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    ABSTRACT: Methadone is commonly prescribed for children with opioid abstinence syndrome (OAS) as a taper schedule over several days to weeks. The Medication Taper Complexity Score (MTCS) was developed to evaluate outpatient methadone tapers. To further validate the MTCS and determine if it is a reliable tool for clinicians to use to assess the complexity of methadone tapers for OAS. An expert panel of pediatric clinical pharmacists was convened. Panel members were provided 9 methadone tapers (ie, "easy," "medium," and "difficult") to determine construct and face validity of the MTCS. The primary objective was to further establish reliability and construct/face validity of the MTCS. The secondary objective was to assess the reliability of the MTCS within and between tapers. Instrument reliability was assessed using a Pearson correlation coefficient; with 0.8 as the minimum acceptable coefficient. Construct (divergent) validity was assessed via a repeated-measures ANOVA analysis (Bonferroni post hoc analyses) of the mean scores provided by panel members. Six panel members were recruited from various geographical locations. Panel members had 18.3 ± 5.5 years of experience, with practice expertise in general pediatrics, hematology/oncology, and the pediatric and neonatal intensive care unit. The MTCS had a reliability coefficient of .9949. There was vivid discrimination between the easy, medium, and difficult tapers; P = .001. The panel recommended minor modifications to the MTCS. The MTCS was found to be a reliable and valid tool. Overall, the panel felt that the MTCS was easy to use and had potential applications in both practice and research.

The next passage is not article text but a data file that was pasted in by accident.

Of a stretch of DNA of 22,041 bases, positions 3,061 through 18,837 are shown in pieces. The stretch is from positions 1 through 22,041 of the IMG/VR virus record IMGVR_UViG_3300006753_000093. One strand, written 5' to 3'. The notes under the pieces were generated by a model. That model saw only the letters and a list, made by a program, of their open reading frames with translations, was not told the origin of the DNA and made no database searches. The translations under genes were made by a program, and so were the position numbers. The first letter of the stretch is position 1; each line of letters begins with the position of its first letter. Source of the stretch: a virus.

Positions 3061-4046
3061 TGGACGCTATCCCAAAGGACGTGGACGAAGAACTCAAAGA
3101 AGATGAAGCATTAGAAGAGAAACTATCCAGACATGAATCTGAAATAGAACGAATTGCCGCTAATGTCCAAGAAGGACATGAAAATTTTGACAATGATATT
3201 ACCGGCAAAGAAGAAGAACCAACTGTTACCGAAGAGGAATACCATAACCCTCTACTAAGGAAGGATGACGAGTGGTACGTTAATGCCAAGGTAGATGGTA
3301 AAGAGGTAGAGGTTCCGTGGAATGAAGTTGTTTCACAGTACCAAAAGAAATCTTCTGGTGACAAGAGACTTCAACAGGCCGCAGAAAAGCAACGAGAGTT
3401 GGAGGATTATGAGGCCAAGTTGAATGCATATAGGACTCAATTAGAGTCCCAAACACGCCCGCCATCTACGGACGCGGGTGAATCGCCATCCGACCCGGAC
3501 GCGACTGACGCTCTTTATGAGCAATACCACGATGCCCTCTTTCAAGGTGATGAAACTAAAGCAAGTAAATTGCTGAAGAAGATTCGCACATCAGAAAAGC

Annals of Pharmacotherapy 11/2013; · 2.92 Impact Factor